The sequencing of new genomes of Plasmodium parasites, responsible for malaria in humans and monkeys, is reported in two related studies published online this week in Nature Genetics.
Plamodium vivax infects about 100 million people each year, and is responsible for over half of the malaria cases outside of Africa. P. vivax has been called the neglected Plasmodium, due to its more limited study as compared to the P. falciparum parasite. Another Plasmodium, P. cynomolgi, is a closely related species to P. vivax and a cause of malaria in Asian Old World monkeys, providing an important model system for characterizing P. vivax and human malaria.
Jane Carlton and colleagues report the sequencing, assembly and annotation of four P. vivax strains from diverse geographic locations. Though the species has been sequenced in the past, the authors triple the number of sequences, bringing the total to six, and provide a global sampling, which has been challenging due to the difficulties in culturing this species. They also provide the first genome-wide estimates of genetic variation in this species - They find twice as much genetic variation as in a comparable collection of P. falciparum, providing insight into the pathogens evolution. Their findings also have implications for design of therapies, and warn that eradication strategies could face challenges.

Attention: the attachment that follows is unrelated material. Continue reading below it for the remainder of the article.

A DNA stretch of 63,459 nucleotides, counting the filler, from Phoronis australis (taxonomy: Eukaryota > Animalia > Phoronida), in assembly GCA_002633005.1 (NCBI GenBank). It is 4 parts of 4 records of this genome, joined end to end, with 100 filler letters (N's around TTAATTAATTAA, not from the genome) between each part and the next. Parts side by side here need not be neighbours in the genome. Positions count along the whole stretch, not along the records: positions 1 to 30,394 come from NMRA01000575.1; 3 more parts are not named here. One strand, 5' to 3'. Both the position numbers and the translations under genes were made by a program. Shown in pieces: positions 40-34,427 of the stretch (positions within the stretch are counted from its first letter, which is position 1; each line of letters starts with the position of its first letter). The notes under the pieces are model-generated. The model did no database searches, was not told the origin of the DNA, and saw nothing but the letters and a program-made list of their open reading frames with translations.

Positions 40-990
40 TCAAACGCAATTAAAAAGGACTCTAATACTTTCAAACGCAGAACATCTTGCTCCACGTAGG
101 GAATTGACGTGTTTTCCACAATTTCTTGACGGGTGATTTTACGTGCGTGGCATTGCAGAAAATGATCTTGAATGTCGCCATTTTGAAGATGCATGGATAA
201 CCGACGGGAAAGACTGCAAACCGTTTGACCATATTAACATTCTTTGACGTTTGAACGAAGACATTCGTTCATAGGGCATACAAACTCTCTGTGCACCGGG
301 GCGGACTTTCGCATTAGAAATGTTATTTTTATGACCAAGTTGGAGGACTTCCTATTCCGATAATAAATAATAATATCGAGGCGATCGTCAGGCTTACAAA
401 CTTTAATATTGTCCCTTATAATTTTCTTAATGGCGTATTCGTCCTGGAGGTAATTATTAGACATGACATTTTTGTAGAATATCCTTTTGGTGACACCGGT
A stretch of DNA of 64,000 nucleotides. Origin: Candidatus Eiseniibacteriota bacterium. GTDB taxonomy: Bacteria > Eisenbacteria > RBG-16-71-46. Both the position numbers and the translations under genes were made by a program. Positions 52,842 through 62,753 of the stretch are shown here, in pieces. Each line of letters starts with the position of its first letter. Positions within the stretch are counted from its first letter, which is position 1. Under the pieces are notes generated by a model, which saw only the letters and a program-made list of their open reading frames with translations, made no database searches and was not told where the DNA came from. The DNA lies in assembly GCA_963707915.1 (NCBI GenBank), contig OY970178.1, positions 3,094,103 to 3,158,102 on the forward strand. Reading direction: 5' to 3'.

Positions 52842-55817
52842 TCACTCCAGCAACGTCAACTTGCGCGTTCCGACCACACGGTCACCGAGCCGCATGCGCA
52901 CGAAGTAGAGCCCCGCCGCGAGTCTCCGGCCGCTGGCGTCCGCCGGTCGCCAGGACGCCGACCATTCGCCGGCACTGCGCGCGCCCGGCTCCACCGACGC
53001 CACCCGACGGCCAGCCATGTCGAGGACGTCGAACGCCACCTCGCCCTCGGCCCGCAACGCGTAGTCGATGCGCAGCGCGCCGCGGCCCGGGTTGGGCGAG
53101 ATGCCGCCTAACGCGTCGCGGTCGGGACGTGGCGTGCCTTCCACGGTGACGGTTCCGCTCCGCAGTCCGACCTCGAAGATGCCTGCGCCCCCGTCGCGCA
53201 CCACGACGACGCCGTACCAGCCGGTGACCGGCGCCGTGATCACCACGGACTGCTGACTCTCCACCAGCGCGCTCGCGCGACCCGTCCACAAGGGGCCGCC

In a second study, Kazuyuki Tanabe, Jane Carlton and colleagues report the first reference genome sequence for P. cynomolgi, sequencing the whole genomes of three diverse strains. The authors provide a map of genetic variation in this species, providing a resource for mapping traits and functional studies. Their comparative genomic analysis with P. vivax and P. knowlesi provides insights into the monkey malaria clade, and suggesting genes involved in host specificity.